Amethi MP Rahul Gandhi has emerged as the Congress party'sgreatest rootless wonder, surpassing Finance Minister P. Chidambaram'sattitude of ?if there is no bread, let them eat dog food,? with the foolish remark that his father would have stood in front of the Babri Masjid to prevent the demolition of December 6, 1992.
As a launch-pad remark for the party'scampaign for the forthcoming Uttar Pradesh Assembly polls, it must have struck deep gloom in the rank and file and skewed Congress? already slender chances with the electorate. Though Mr. Gandhi'sremarks are consistent with the policy of UPA chairperson, Ms. Sonia Gandhi, of appeasing and promoting Muslims at the expense of the Hindu poor and backward classes, the policies have already led to a backlash for the party in Maharashtra, Punjab and Uttarakhand, and further reversals are expected in Delhi. Indeed, this is reportedly the reason why Congress president Sonia Gandhi has refused to canvass for the party in the capital, though she did rush to Mumbai because she expected a victory that would add a feather to her cap.
Rahul Gandhi'sstatement shows that either the party has learned nothing from these reverses, or that it has no other constituency to woo. Either way, he has exposed the utter bankruptcy of the grand old party of India. The timing could also not be more unfortunate. Could we, for instance, ask Mr. Gandhi to explain how exactly his father, late Rajiv Gandhi, would have saved the structure by standing before it?
Let us assume that the former Prime Minister managed to personally reach the structure with his personal security guards on December 6, 1992 (for there is no way he would have become Prime Minister in 1991; even the postponed elections did not get the Congress a majority after his assassination). Once the mob broke the cordon and the domes were scaled, does Rahul mean to suggest that the security guards would have started firing upon the unarmed people, like the party'sCommunist comrades just did recently at Nandigram? Is that what has inspired this statement? Having spoken, he owes the nation a fuller explanation for his words.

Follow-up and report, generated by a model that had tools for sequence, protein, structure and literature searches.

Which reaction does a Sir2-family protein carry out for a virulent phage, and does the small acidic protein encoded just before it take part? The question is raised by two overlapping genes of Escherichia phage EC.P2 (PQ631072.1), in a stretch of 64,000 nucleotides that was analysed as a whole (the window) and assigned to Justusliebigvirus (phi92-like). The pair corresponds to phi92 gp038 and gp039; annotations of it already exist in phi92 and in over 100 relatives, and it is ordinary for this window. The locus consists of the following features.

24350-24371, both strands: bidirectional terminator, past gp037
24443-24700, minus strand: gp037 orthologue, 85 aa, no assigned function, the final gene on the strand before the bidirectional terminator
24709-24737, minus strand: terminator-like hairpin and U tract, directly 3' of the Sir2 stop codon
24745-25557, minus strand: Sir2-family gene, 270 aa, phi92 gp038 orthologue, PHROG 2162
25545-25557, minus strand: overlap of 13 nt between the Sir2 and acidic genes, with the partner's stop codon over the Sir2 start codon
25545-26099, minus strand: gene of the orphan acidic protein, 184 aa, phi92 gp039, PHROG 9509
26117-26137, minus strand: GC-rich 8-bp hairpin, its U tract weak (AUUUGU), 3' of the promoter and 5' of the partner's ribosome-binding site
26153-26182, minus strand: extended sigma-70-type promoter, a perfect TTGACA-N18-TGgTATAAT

Rahul Gandhi is the perfect example of how city-bred hereditary politicians, especially ones who pride themselves as being ?above? the hoi-polloi, can fail to connect with the minds and hearts of the people. He exposes the ancient truth that youth without proper education and training can more often than not produce a greater disaster for a nation or society than the old. Rahul has erred in relying upon the old bankrupt formula of wooing Muslims even at the expense of alienating Hindus. Scratching thinly-healed communal suspicions in order to pressurise the Muslim community that the Congress is its only hope, is not the road to power.
Besides his graceless attack upon former Prime Minister P.V. Narasimha Rao, Rahul has exposed his father'scommunal doublespeak on the issue of the Ram Janmabhoomi. For as is well known, it was Rajiv Gandhi'sgovernment that opened the gates of the Babri Masjid to Hindu devotees, and organised the shilannyas at the site, and even launched the 1991 election campaign from Ayodhya.
And in what is surely a politically suicidal remark, young Rahul has called the 1996 Congress alliance with the BSP a ?complete sellout,? as Congress had to settle for 125 seats, while BSP contested 300 seats. While it may be true that the Congress is still paying the price for this historic blunder, the fact is that the party is far from being in a position to reverse the equation. Indeed, that is why Congress is keen to tie up with the same Ms. Mayawati for a face saving alliance in UP.
Clearly, the Gandhi scion is out of his depth when it comes to analysing the party'sfortunes in the state, nor is he aware of the language to be used when speaking about leaders of other parties. His remark that the dependence of the BSP and Samajwadi Party ?on single personalities was responsible for the deplorable condition of Uttar Pradesh?The state cannot be held hostage to personality oriented politics and the one leader theory has already done a lot of damage to the state? is callow and incorrect.
Ironically, it is the Congress party that depends on one individual (Sonia Gandhi), and is suffering erosion of its old social constituency because of her lack of empathy for the country and its citizens.
The fact is that the politics of fanning communal insecurity has reached its apogee and will no longer bring dividends. This is why wiser leaders like Ms. Mayawati and Yadav are reaching out to broader constituencies and pretending they never had any animosity towards other social groups they now wish to embrace in the race for chief ministership. The Congress today is the only political party that does not wish to recognise the rising Hindu consciousness in India, and is unwilling to woo Hindus as Hindus, a la Ms. Mayawati and Yadav. Rahul Gandhi should tell us if the religious affiliations of his family have anything to do with this.